- Set Your Budget
- Obtain Financing
- Find the Perfect Neighborhood
- Build Your Team
- Look for Homes
- Submit an Offer
- Finalize the Loan Application
- Do Your Due Diligence
- Close on the Property
1. Set Your Budget
The first thing to do when buying a house in California is to set your budget. Remember that you’ll need to make a 20% down payment if you plan on using a conventional loan, or you may be required to pay private mortgage insurance. However, you could also choose a government-backed loan, which requires a lower down payment. Also, take a look at your monthly income and figure out how much you can afford to spend on housing. Most experts recommend not spending more than 28% of your monthly income on your mortgage payment. You can use a mortgage calculator to determine what 28% of your income would afford you in California. So, take stock of your income and savings and create a realistic budget.
2. Obtain Financing
Once you have a general budget, the next step is to seek a pre-approval letter from the bank (unless you plan on paying cash). This will involve having a quick conversation with the lender about your financial situation and current savings. They will then do a quick credit and employment check, and if everything is in order, they will let you know if you are pre-approved and for how much. They will also provide you with a pre-approval letter which you can show homeowners to prove you are serious.
3. Find the Perfect Neighborhood
Next, you’ll want to figure out where you want to live. Although you’ll want to start by identifying the city or town, eventually, you’ll want to narrow it down to particular neighborhoods to make your search more manageable. If you’re new to the area, you should do some research on local crime statistics, property values, areas of interest, school districts (if you have kids), and any other information you may find relevant. You should also take a quick drive through any areas of interest to get a sense of what it’s like to live in the neighborhood.
4. Build Your Team
When you’re ready to start looking at homes, the next step is to build your team to help you make the best decision possible. In most cases, you’ll want to start with a good real estate agent who can help you find available homes in your target neighborhoods and budget. You may also want to hire other professionals, like a real estate attorney or accountant, to help you make a more informed decision about your purchase. But it often helps to start with a real estate agent because they can make recommendations if you need help finding other professionals.
5. Look for Homes
Once you have the financing in order and a solid team of professionals behind you, it’s time to start your home search. Depending on your preferences, this process can take a few days or several months. You can look at as many properties as you like, but most experts recommend looking at least 6 to 12 homes before deciding, especially if it’s your first time. So, look at as many options as possible within your price point and narrow them down until you’ve found your dream home.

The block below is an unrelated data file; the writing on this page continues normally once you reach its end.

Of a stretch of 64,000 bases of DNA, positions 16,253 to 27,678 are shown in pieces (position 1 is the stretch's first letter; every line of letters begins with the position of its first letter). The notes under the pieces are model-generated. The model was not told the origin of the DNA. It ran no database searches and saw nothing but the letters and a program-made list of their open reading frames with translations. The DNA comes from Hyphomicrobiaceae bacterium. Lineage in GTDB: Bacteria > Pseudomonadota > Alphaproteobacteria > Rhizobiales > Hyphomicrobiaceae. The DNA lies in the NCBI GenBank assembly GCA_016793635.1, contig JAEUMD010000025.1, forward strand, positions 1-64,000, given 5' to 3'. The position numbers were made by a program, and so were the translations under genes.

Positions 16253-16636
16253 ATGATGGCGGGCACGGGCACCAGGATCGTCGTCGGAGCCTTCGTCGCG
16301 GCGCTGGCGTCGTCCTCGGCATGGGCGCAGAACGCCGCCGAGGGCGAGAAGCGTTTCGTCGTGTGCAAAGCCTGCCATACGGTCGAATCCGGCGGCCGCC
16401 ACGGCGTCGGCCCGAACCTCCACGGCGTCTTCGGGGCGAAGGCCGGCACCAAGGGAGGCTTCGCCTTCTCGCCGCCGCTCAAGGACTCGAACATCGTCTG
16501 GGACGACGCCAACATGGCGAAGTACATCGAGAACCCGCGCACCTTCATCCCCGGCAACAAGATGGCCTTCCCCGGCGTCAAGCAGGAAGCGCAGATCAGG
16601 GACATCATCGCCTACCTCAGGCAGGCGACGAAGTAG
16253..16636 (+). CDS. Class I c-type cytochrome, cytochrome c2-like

6. Submit an Offer
When you’ve found the perfect property, strategize with your real estate agent and determine a fair offer. Sometimes, it may be wise to offer the listing price, but if you think you have some leverage, you may offer less and see if they accept. Or if the market is hot and you really want the property, you may offer even more to beat the competition. Once you submit the offer, the seller will review it and either accept it, reject it or send a counteroffer. Then you can negotiate until you both agree on the price, or you decide to look for another property.
7. Finalize Loan Application
After you sign a purchase contract committing to the sale, you’ll want to go ahead and finalize your loan application. Even if you’re pre-approved, that doesn’t mean the money is yours, and you’ll still have to go through the formal underwriting process before you can obtain the funds. But as long as you were honest in your pre-approval meeting and nothing has changed with your finances since then, you shouldn’t have any issues seeking approval.
8. Do Your Due Diligence
While waiting for the loan to be approved, you’ll want to conduct your due diligence to ensure you’re making a sound investment. First, you’ll be required to schedule an appraisal to confirm the property’s value as part of the loan approval process. You’ll also want to schedule a home inspection to verify the home’s condition and spot any red flags. If the inspection or appraisal uncovers any new information, you may want to return to the negotiating table. But if everything checks out, all that’s left to do is close on the sale.
9. Close on the Property
About 24-48 hours before the closing, you’ll want to do a final walkthrough of the property to look for any last-minute items that need addressing. Once you’re satisfied, you will head to the closing table with your real estate agent and attorney and sign all the necessary documents. You will also bring a check for any outstanding closing costs and the remainder of the down payment. Once you sign on the dotted line and transfer the funds, you’re officially a homeowner.
- Cash for the Down Payment and Closing Costs
- Stable Income to Qualify for a Loan
- Good Credit
Although buying a home in California may seem overwhelming at first, as long as you take it step-by-step, you should be fine. Just make sure to determine an accurate budget and set realistic expectations, and before you know it, you’ll be the proud owner of a new home.